Apparently this was a no cell phone facility, and we were going to be on black out period of one week before we could make any kind of phone calls back home. I did not like this at all, and I began getting incredibly upset. I packed my bag and I threatened to leave. I asked to speak to a supervisor on the phone and demanded that I get a phone call to my parents. I personally didn’t think this was too much to ask, I mean my family should at least know that I had made it safely. They knew, I had talked to them the whole entire way, this was about control. This was about calling the shots and I could actually feel that in this time. I could feel my control being taken away from me and I did not like that at all. The supervisor agreed to one five minute monitored “safe call” to let my parents know that I had made it. My attitude would not improve for many many days.
It seemed like every day for the first week I was leaving. Fuck this place, fuck these rules, this is bull shit, blah blah blah, more victim shit as I wrestled with control. The very first Monday I was there the doctor put me on three days worth of Valium. I guess that was their, “here, this will calm his wild ass down” tactic. And it worked. I felt like a damn slug for the days I took that shit. And I finally began to settle down a bit, physically and verbally. But my mind still raced. I still grappled with everything but the present moment. I was bitter and unapproachable. I was angry and borderline rude. But I was only really mad at myself. I put me here. This was my doing, and that made me even more upset.
My first day in clinical, I met my therapist. Her name was Krystal. “Like Krystal ball, not Krystal Meth she said.” We spent some time getting to know one another a bit in her office and I was still very much full of “piss and vinegar” as the old saying goes. “So, Herb, any questions, or concerns. Any input or anything you might have for me?” She asked. “Yeah. This is fucking bullshit. I don’t think this is gonna work, and I don’t think it’s gonna work because I am smarter than you are.” Was my response. What a joy I was gonna be to work with. But she handled it with such grace and understanding. “That’s ok, it may not work, but that will be on you. And you might be smarter than me, in some areas, sure, but for now I am going to need you to trust me, and trust that I might be smarter than you in some areas too.” She was so direct, assertive, and bold. But in a very calm and kind way. She just bucked right back up to me. Interesting. She had my attention.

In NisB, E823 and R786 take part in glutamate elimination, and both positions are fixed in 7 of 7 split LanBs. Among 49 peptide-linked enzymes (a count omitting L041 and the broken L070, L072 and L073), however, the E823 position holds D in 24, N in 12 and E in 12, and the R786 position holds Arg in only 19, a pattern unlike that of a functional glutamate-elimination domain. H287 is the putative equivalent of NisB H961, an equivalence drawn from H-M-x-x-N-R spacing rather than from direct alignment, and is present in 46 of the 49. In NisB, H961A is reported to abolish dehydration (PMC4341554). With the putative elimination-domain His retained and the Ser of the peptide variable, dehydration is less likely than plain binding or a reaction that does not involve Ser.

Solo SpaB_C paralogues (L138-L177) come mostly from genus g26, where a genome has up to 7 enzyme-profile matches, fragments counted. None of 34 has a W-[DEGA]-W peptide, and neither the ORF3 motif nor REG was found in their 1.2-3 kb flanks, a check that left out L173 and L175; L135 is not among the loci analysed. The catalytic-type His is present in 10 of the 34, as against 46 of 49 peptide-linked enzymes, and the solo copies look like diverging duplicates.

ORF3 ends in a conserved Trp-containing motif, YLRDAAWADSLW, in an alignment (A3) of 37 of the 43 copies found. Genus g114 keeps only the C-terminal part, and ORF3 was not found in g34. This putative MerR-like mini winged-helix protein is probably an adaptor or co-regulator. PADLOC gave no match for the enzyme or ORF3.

I remember when I finally mentally and emotionally settled in. We all had to attend a meeting every single day at local AA/NA clubhouses there in town, and this old man was sharing, and he said something like “If, I can’t get out of this, I might as well get into this.” And in that moment he was speaking to me. I had been rustling with this whole vulnerability and openness thing, for about the last 37.5 years and it finally dawned on me what an opportunity this was. So yes, Krystal, it was going to be on me. I would get out of this what I put into this. Up until this trip to treatment I was still very much untreated. I had done all the AA/NA, the Church stuff, the CD&A programs back home, but this was my chance to really open up and do some research on myself. I knew that I was “ready to go to treatment”, but up until that moment, I wasn’t ready to actually dig in, probe my life, and do the dirty difficult work of healing. This was going to require a lot of processing with my therapist. That old man who shared that that day, may have very well saved my life and doesn’t even know it. It was time to get to work.
Once I honestly and seriously made the decision to dig in and do the work, it was like a light had turned on inside of me. I was gonna share it all. I was gonna tell the whole story. Not the story I would share when “giving a talk”, but the real one. The gritty, ugly, sad truths of my life. I was going to air it all out with my therapist, and we were gonna process it together. What did I have to lose? The worst case was that I wouldn’t get anywhere, and some stranger across the country would know my whole real story. I could live with that. So we started at the beginning, as you have read- starting with “1985” and we moved on from there. Man I opened up to this lady like she was Barbara Walters. It’s kind of like, once I broke that barrier with her, once I realized that I could trust her, and once I realized that this healing thing was on me, a massive sense of motivation and urgency came over me. This was life or death. I had to peel the layers back, and she was going to show me how. We spent about 20 full hours together in individual sessions. She also facilitated some of the process groups which was cool, she had this really unbelievable ability to break stuff down and explain it in both addict and therapist terms. She was in recovery too, and I have always said that addicts make the best therapists.